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What do young adolescents think about taking part in longitudinal self-harm research?: findings from a school-based study

Lockwood, Joanna; Townsend, Ellen; Royes, Leonie; Daley, David; Sayal, Kapil

Authors

Leonie Royes

DAVID DALEY david.daley@nottingham.ac.uk
Professor of Psychological Intervention_ and Behaviour Change

KAPIL SAYAL kapil.sayal@nottingham.ac.uk
Professor of Child and Adolescentpsychiatry



Abstract

Background: Research about self-harm in adolescence is important given the high incidence in youth, and strong links to suicide and other poor outcomes. Clarifying the impact of involvement in school based self-harm studies on young adolescents is an ethical priority given heightened risk at this developmental stage. Methods: Here, 594 school-based students aged mainly 13-14 years completed a survey on self-harm at baseline and again 12-weeks later. Change in mood following completion of each survey, ratings and thoughts about participation, and responses to a mood-mitigation activity were analysed using a multi-method approach. Results: Baseline participation had no overall impact on mood. However, boys and girls reacted differently to the survey depending on self-harm status. Having a history of self-harm had a negative impact on mood for girls, but a positive impact on mood for boys. In addition, participants rated the survey in mainly positive/neutral terms, and cited benefits including personal insight and altruism. At follow-up, there was a negative impact on mood following participation, but no significant effect of gender or self-harm status. Ratings at follow-up were mainly positive/neutral. Those who had self-harmed reported more positive and fewer negative ratings than at baseline: the opposite pattern of response was found for those who had not self-harmed. Mood mitigation activities were endorsed. Conclusions: Self-harm research with youth is feasible in school settings. Most young people are happy to take part and cite important benefits. However, the impact of participation in research appears to vary according to gender, self-harm risk and method/time of assessment. The impact of repeated assessment requires clarification. Simple mood-elevation techniques may usefully help to mitigate distress.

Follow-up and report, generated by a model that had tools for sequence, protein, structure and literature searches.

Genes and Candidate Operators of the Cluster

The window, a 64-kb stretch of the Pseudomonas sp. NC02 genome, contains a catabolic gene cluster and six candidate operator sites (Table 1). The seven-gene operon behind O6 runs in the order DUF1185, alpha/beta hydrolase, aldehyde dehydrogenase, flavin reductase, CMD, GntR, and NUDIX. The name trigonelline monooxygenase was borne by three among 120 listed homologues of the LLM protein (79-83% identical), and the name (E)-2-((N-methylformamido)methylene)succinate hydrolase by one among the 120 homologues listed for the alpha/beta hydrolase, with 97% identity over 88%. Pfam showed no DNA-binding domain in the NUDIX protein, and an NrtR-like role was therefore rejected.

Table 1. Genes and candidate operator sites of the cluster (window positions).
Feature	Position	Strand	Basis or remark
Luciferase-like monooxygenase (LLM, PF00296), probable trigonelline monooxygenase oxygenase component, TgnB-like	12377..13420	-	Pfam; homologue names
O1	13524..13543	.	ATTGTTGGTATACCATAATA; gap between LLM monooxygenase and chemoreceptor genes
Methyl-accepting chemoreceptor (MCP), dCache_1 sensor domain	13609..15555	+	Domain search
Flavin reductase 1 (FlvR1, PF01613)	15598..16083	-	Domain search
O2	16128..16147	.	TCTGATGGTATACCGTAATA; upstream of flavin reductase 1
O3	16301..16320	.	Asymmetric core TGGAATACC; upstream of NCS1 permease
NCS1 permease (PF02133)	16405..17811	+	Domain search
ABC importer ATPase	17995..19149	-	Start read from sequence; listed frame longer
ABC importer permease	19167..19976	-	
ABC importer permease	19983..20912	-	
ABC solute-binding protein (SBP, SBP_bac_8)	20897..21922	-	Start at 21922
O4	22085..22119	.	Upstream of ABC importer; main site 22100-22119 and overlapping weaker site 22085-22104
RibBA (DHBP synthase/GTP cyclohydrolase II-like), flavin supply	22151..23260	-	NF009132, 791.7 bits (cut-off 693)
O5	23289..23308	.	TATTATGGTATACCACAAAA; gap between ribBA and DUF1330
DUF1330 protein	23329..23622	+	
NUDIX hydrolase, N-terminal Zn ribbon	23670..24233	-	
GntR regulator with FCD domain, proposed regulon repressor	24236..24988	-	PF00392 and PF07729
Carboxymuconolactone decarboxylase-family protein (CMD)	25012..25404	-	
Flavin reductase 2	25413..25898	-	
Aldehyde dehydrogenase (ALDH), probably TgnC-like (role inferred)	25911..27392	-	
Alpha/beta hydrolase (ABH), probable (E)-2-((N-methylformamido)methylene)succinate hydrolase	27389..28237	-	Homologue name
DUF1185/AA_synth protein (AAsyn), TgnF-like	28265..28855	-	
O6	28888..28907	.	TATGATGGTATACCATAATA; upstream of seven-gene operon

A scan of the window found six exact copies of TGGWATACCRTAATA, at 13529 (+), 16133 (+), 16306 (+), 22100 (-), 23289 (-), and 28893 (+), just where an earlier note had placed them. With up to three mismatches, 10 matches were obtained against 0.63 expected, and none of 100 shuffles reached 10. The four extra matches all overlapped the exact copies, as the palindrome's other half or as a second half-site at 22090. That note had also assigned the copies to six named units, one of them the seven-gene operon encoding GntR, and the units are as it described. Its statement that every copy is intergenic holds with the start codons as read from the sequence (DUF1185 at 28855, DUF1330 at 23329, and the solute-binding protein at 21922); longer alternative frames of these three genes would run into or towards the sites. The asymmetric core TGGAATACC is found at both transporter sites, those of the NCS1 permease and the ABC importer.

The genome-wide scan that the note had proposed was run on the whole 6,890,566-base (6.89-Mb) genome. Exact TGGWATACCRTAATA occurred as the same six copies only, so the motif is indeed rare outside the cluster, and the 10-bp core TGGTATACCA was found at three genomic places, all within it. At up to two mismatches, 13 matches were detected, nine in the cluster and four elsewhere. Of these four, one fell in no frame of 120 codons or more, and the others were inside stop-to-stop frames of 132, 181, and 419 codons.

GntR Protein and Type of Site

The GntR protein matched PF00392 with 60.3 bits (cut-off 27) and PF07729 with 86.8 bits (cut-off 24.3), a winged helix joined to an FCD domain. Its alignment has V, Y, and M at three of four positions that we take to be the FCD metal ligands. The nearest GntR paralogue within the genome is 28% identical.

Citation

Lockwood, J., Townsend, E., Royes, L., Daley, D., & Sayal, K. (2018). What do young adolescents think about taking part in longitudinal self-harm research?: findings from a school-based study. Child and Adolescent Psychiatry and Mental Health, 12(23), https://doi.org/10.1186/s13034-018-0230-7

Journal Article Type Article
Acceptance Date Apr 17, 2018
Publication Date May 2, 2018
Deposit Date Apr 18, 2018
Publicly Available Date May 2, 2018
Journal Child and Adolescent Psychiatry and Mental Health
Electronic ISSN 1753-2000
Publisher Springer Verlag
Peer Reviewed Peer Reviewed
Volume 12
Issue 23
DOI https://doi.org/10.1186/s13034-018-0230-7
Keywords self-harm, adolescence, ethics, longitudinal, multi-methods, mood-mitigation
Public URL http://eprints.nottingham.ac.uk/id/eprint/51222
Publisher URL https://capmh.biomedcentral.com/articles/10.1186/s13034-018-0230-7
Copyright Statement Copyright information regarding this work can be found at the following address: http://creativecommons.org/licenses/by/4.0

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Copyright Statement
Copyright information regarding this work can be found at the following address: http://creativecommons.org/licenses/by/4.0





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